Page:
By Jacob Dubé
The Ryerson Students’ Union’s (RSU) Sundown music festival will have people on site trained to use naloxone kits, following suit with other Canadian music festivals this year.
Naloxone is a medication used to treat opioid overdoses in emergency situations.
According to RSU vice-president student life & events Lauren Emberson, there will be medical professionals at Sundown the entire time.
Sundown will be the follow-up to last year’s controversial 6 Fest concert.
“We’re making sure we’re regaining back the trust of not only students but also any stakeholders that might be interested in working with the RSU,” Emberson said.
Brodie Metcalfe, events coordinator at the RSU, said that there will be Emergency Medical Services (EMS) on site to administer naloxone, as well as staff from the equity service centres that were recently trained with the kits.
“For us, when it comes to substance use around events like this, our first approach is harm reduction,” Metcalfe said.
Camryn Harlick, the RSU’s vice-president equity, is planning on having all of the equity service centre staff trained and equipped with naloxone kits by the end of the school year.
“I think we know that students use drugs, folks have always used substances. We know that it’s happening, why not take the [preparations] in advance so we know students are safe?” Harlick said.
The university currently has no plans to have its staff or security carry naloxone—which can be administered through the nose or in an injection—and said it would rather leave that to EMS.
“Ryerson University student leaders are trained to spot students in distress and to call on the expertise of security or our hired EMS on scene when needed. We have not trained student leaders to carry or administer antidotes, including naloxone,” read a statement from Ryerson’s office of public affairs.
“When it comes to substance use around events like this, our first approach is harm reduction”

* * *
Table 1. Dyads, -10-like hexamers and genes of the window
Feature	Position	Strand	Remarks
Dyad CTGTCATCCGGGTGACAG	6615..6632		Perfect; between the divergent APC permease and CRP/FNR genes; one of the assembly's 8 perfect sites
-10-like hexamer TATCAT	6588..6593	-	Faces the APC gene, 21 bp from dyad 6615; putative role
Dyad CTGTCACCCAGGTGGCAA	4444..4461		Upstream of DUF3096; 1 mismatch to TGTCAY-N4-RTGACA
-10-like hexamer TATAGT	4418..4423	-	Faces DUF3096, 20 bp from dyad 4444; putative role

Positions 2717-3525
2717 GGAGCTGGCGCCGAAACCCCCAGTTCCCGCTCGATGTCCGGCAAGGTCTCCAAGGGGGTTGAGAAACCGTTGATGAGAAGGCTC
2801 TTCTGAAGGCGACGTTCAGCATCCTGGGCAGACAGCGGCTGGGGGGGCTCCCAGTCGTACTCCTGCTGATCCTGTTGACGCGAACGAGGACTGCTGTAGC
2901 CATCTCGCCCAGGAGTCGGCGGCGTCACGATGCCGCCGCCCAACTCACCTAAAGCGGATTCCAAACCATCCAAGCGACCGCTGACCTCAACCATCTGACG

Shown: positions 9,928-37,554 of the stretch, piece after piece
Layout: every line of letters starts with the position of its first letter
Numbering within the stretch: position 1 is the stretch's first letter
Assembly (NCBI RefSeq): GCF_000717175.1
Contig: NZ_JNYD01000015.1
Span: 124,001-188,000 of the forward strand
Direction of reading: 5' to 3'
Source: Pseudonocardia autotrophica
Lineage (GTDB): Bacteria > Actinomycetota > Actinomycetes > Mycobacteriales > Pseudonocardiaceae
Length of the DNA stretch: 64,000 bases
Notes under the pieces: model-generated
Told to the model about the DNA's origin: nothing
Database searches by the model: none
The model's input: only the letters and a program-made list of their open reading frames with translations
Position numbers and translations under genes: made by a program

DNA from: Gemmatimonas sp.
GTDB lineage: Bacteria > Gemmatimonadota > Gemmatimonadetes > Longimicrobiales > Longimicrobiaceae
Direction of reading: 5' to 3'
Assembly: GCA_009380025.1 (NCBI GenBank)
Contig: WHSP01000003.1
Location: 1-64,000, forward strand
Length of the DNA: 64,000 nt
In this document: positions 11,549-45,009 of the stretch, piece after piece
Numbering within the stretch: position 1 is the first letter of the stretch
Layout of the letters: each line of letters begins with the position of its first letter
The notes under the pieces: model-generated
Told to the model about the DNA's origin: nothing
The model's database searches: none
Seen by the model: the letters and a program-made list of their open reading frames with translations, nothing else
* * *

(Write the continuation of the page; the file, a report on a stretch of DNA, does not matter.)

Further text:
Harlick said that the plan is still in its early stages, as they’re verifying that the equity centre staff are allowed to be trained to carry the kits so that there’s no administrative issues. But they also said that nothing is stopping individuals from being trained and carrying their own kits with them anyways.
Metcalfe added that there will be security at the festival provided by Toronto company SecurTrust, as well as paid police officers that will have a no-questions-asked drop- box for illicit substances outside the festival, so that people have a last chance to rid themselves of any drugs before entering.
More music festivals in Ontario included staff trained to administer naloxone this year, since more people were hospitalized due to opioid overdoses and the increasing dangers of drugs laced with the lethal fentanyl.
WayHome, a music festival held annually north of Barrie, allowed concertgoers to carry their naloxone kits with them after pressure from attendees. Veld, the electronic festival held in Toronto, did the same. However, it was still reported that 30 concertgoers were hospitalized at the show.
Sundown will be held on Sept. 22 at 20 Polson Street.
The music festival will feature acts like Miguel, Joey Bada$$ and The Skins.